Additionally, I presume the archived photos at my disposal which are only 600x600 dpi are not sufficient for HD broadcast parameters as well as zooming in. What dpi rez rates must I have them scanned at, at minimum in order to avoid pixelation etc. within my project?
Thanks in advance for your help here.
In reply to Darla Bruno's post on Fri 21 Dec 2007 :
After reading all of these posts regarding sound, I felt a need to chime in.
Although I am a novice with a camera (that's why I'm hiring someone to shoot for me!), I am a professional production sound recordist with many years of experience. With all due respect to Mr. Wong, it is uninformed opinions like these (a trained monkey could do it) which end up killing more films due to horrible production sound. And in the case of doc work, it is, most likely, unfixable in post. Interestingly enough, I never see such flippant remarks tossed about regarding shooting with a camera. After all, isn't camera op'ing nothing more than pushing buttons and turning dials? Of course not! It requires knowledge and a specific skillset. Believe it or not, so does good production sound. If you own Rabiger's book "Directing The Documentary", take a peek at his comments regarding Sound.
That said, please know that you need to treat both camera AND SOUND with the same level of importance. Fail to do this and you're setting yourself up for failure, technically speaking.
Think of taking a half-day crash course in camera op'ing. Sounds rediculous doesn't it? Same goes for good production sound gathering.
If you can at all afford to do so, hire an experienced sound recordist. He/She will not only have the skills needed, but will also have the professional gear to accomplish the task at hand, knocking out problems such as wireless work, location issues, laving and booming and proper mixing and channel assignment for the greatest options in post. And in anything but the most controlled environment, an experienced sound person will be worth their weight in gold.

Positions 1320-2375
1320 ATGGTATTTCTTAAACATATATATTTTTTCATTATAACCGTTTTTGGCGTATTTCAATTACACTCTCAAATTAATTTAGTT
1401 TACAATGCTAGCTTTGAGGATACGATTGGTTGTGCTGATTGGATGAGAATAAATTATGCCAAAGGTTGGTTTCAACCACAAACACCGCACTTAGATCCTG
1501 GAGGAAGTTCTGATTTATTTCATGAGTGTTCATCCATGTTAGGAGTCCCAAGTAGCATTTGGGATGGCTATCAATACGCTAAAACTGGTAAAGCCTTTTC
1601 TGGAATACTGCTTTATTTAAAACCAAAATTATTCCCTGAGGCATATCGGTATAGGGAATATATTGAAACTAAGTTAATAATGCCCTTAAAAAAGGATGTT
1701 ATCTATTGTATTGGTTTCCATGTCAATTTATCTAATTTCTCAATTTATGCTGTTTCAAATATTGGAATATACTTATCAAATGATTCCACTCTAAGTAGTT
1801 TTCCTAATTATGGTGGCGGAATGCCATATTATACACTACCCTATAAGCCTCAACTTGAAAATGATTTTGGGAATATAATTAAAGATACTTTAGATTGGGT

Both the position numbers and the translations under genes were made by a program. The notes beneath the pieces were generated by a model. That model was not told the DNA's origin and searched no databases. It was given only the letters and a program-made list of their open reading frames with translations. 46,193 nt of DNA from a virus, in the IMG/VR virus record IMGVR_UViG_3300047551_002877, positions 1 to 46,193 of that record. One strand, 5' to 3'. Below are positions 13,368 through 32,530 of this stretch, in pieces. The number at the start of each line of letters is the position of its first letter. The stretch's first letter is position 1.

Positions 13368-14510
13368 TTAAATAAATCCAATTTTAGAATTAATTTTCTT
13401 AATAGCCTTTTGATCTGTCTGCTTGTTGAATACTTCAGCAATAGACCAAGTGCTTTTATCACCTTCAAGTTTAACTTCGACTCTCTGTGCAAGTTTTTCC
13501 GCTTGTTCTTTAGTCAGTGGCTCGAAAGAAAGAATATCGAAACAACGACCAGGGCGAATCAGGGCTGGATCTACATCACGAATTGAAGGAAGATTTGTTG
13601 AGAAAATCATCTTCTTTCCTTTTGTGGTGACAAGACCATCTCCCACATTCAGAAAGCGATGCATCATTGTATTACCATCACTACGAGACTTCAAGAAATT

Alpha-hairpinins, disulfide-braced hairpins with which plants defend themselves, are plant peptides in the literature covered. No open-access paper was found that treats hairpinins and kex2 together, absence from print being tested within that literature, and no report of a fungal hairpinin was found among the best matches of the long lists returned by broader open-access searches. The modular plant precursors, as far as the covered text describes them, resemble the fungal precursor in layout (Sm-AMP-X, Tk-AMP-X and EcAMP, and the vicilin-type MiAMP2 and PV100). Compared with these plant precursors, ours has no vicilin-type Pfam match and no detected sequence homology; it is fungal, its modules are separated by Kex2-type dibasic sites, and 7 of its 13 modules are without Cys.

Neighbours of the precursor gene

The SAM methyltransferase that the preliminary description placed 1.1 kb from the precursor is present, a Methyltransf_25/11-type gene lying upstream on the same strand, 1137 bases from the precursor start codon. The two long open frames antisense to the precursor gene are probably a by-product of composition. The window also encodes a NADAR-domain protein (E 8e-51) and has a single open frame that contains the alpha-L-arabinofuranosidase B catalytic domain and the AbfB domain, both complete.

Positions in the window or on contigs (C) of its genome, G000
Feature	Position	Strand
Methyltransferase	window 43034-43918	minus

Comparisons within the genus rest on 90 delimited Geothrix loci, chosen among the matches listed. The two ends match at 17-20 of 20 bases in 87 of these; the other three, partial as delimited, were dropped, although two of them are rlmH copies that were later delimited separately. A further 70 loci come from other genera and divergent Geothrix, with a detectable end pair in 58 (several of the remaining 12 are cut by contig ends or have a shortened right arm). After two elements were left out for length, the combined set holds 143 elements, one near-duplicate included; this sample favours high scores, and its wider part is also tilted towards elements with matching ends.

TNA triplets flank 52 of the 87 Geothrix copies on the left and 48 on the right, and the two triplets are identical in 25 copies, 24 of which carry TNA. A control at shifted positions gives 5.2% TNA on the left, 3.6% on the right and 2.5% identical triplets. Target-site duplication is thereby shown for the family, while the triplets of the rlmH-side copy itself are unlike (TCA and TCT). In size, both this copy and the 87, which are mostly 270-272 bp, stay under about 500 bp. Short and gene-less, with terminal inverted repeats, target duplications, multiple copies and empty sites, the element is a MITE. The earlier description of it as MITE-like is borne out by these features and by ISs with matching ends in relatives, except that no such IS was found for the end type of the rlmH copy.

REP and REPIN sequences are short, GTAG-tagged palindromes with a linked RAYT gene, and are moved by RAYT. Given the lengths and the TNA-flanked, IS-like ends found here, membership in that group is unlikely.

Just for the record, I agree with the gist of Thomas' post: good sound IS just as important as good video.
That said – maybe on account of many years working in news where a sound person has become a luxury – I am convinced that in a variety of situations, especially such as controlled interviews as Darla seems to be intent on obtaining and some additional B-roll, one can manage without a sound person.
That's why I've insisted Darla should concentrate on her own tasks rather than "mess around" with the sound. It's much better to try to do one thing well – furthermore, paying attention to the interview will be complicated enough on its own for a beginner – than two things poorly.
Also, I find the idea (mentioned above) of hiring a sound person for half a day in order to learn the task a joke. One might as well go so far as to suggest: "Hire a camera person for a day to learn how to do that job as well."
Re scanning, here are a couple of links you may find useful.
Re the moves part of your question.
Depending on the size of the original photos, if you have the opportunity, I don't see why you wouldn't want to shoot the photos yourself, at least wide & tight (focusing on different areas of the photo each time, if warranted) because there could be certain cases in which you might choose to use a simple cut instead of a move.